Concepts: Scientific method, Water, Earth, Planet, Moon, Celestial mechanics, Saturn, Tide


Cometary outgassing can produce torques that change the spin state of the cometary nucleus, which in turn influences the evolution and lifetime of the comet. If these torques increase the rate of rotation to the extent that centripetal forces exceed the material strength of the nucleus, the comet can fragment. Torques that slow down the rotation can cause the spin state to become unstable, but if the torques persist the nucleus can eventually reorient itself and the rotation rate can increase again. Simulations predict that most comets go through a short phase of rapid changes in spin state, after which changes occur gradually over longer times. Here we report observations of comet 41P/Tuttle-Giacobini-Kresák during its close approach to Earth (0.142 astronomical units, approximately 21 million kilometres, on 1 April 2017) that reveal a rapid decrease in rotation rate. Between March and May 2017, the apparent rotation period of the nucleus increased from 20 hours to more than 46 hours-a rate of change of more than an order of magnitude larger than has hitherto been measured. This phenomenon must have been caused by the gas emission from the comet aligning in such a way that it produced an anomalously strong torque that slowed the spin rate of the nucleus. The behaviour of comet 41P/Tuttle-Giacobini-Kresák suggests that it is in a distinct evolutionary state and that its rotation may be approaching the point of instability.

Concepts: Fundamental physics concepts, Torque, Moon, Rotation, Celestial mechanics, Jupiter, Comet, Comets


Many exoplanetary systems containing hot Jupiters are observed to have highly misaligned orbital axes relative to the stellar spin axes. Kozai-Lidov oscillations of orbital eccentricity and inclination induced by a binary companion, in conjunction with tidal dissipation, constitute a major channel for the production of hot Jupiters. We demonstrate that gravitational interaction between the planet and its oblate host star can lead to chaotic evolution of the stellar spin axis during Kozai cycles. As parameters such as the planet mass and stellar rotation period are varied, periodic islands can appear in an ocean of chaos, in a manner reminiscent of other dynamical systems. In the presence of tidal dissipation, the complex spin evolution can leave an imprint on the final spin-orbit misalignment angles.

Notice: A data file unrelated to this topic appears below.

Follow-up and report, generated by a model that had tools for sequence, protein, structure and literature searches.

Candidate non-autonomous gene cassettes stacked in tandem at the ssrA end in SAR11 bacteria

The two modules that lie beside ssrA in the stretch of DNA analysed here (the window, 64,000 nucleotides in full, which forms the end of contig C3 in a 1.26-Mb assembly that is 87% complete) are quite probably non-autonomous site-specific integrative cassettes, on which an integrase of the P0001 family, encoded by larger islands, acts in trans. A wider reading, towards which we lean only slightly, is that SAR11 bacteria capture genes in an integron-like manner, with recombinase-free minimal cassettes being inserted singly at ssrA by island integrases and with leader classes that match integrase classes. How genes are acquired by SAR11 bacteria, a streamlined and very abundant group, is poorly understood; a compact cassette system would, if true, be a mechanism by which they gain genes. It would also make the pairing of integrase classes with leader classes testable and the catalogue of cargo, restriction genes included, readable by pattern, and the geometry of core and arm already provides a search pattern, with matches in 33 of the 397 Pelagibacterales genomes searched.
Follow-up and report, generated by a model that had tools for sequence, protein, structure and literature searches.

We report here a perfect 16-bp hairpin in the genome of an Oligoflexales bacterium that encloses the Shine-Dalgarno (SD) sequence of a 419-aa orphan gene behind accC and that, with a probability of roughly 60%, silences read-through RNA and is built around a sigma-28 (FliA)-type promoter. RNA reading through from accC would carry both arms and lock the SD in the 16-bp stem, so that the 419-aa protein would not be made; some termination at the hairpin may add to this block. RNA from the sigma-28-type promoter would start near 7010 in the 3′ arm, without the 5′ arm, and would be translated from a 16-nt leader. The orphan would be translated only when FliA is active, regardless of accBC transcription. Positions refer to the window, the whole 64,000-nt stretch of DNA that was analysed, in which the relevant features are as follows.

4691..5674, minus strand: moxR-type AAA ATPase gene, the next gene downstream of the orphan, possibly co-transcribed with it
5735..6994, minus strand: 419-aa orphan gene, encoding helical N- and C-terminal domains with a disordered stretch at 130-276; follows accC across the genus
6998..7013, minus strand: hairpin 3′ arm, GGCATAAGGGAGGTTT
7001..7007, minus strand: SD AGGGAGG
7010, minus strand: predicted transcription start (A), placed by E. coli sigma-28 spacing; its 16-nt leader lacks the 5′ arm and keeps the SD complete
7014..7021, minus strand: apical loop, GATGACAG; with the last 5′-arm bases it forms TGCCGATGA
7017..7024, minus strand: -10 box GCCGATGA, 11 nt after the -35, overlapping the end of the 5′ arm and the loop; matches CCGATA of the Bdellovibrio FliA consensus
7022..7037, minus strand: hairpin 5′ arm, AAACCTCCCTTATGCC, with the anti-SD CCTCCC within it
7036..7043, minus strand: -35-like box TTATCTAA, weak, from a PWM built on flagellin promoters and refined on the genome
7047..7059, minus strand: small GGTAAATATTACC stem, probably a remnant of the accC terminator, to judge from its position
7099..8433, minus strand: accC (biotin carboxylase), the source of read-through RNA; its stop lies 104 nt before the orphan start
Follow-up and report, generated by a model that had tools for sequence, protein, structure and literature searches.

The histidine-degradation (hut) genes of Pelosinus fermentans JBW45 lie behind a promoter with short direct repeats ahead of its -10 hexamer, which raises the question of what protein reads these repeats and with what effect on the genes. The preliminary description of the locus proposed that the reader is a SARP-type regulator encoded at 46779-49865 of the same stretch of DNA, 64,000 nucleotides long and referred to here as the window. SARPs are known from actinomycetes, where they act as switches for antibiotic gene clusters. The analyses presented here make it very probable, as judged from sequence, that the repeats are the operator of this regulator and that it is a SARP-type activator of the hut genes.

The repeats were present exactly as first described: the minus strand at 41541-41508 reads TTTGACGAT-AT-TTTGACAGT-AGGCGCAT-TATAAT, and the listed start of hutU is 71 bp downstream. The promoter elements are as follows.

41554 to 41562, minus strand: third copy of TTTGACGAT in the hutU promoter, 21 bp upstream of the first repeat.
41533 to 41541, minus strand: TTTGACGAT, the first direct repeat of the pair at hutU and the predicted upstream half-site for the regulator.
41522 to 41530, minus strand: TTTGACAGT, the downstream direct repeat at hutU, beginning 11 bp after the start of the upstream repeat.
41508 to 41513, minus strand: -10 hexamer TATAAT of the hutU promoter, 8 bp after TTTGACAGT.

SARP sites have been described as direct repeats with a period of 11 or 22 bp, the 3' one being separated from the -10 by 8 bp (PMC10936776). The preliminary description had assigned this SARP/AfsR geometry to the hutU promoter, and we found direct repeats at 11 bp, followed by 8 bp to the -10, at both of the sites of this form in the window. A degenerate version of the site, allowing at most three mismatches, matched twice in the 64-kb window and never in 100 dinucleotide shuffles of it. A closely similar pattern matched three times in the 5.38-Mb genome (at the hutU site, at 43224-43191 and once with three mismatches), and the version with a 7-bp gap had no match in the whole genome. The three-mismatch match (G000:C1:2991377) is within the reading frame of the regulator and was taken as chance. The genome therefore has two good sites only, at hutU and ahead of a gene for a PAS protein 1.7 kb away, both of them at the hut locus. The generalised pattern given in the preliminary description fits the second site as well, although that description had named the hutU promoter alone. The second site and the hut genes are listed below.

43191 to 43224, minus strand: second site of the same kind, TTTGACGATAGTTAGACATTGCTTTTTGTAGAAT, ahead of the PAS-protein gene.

Concepts: Chaos theory, Moon, Celestial mechanics, Star, Jupiter, Neptune, Pluto


Asteroid 21 Lutetia was approached by the Rosetta spacecraft on 10 July 2010. The additional Doppler shift of the spacecraft radio signals imposed by 21 Lutetia’s gravitational perturbation on the flyby trajectory were used to determine the mass of the asteroid. Calibrating and correcting for all Doppler contributions not associated with Lutetia, a least-squares fit to the residual frequency observations from 4 hours before to 6 hours after closest approach yields a mass of (1.700 ± 0.017) × 10(18) kilograms. Using the volume model of Lutetia determined by the Rosetta Optical, Spectroscopic, and Infrared Remote Imaging System (OSIRIS) camera, the bulk density, an important parameter for clues to its composition and interior, is (3.4 ± 0.3) × 10(3) kilograms per cubic meter.

Concepts: Fundamental physics concepts, Density, Mars, Kilogram, Celestial mechanics, ORBit, Comet, 21 Lutetia


We have detected in Cassini spacecraft data the signature of the periodic tidal stresses within Titan, driven by the eccentricity (e = 0.028) of its 16-day orbit around Saturn. Precise measurements of the acceleration of Cassini during six close flybys between 2006 and 2011 have revealed that Titan responds to the variable tidal field exerted by Saturn with periodic changes of its quadrupole gravity, at about 4% of the static value. Two independent determinations of the corresponding degree-2 Love number yield k(2) = 0.589 ± 0.150 and k(2) = 0.637 ± 0.224 (2σ). Such a large response to the tidal field requires that Titan’s interior be deformable over time scales of the orbital period, in a way that is consistent with a global ocean at depth.

Concepts: Moon, Celestial mechanics, Jupiter, Neptune, Saturn, Natural satellite, Titan, Cassini–Huygens


The discovery of transiting circumbinary planets by the Kepler mission suggests that planets can form efficiently around binary stars. None of the stellar binaries currently known to host planets has a period shorter than 7 d, despite the large number of eclipsing binaries found in the Kepler target list with periods shorter than a few days. These compact binaries are believed to have evolved from wider orbits into their current configurations via the so-called Lidov-Kozai migration mechanism, in which gravitational perturbations from a distant tertiary companion induce large-amplitude eccentricity oscillations in the binary, followed by orbital decay and circularization due to tidal dissipation in the stars. Here we explore the orbital evolution of planets around binaries undergoing orbital decay by this mechanism. We show that planets may survive and become misaligned from their host binary, or may develop erratic behavior in eccentricity, resulting in their consumption by the stars or ejection from the system as the binary decays. Our results suggest that circumbinary planets around compact binaries could still exist, and we offer predictions as to what their orbital configurations should be like.

Concepts: Planet, White dwarf, Celestial mechanics, Star, Extrasolar planet, Binary star, Multiple star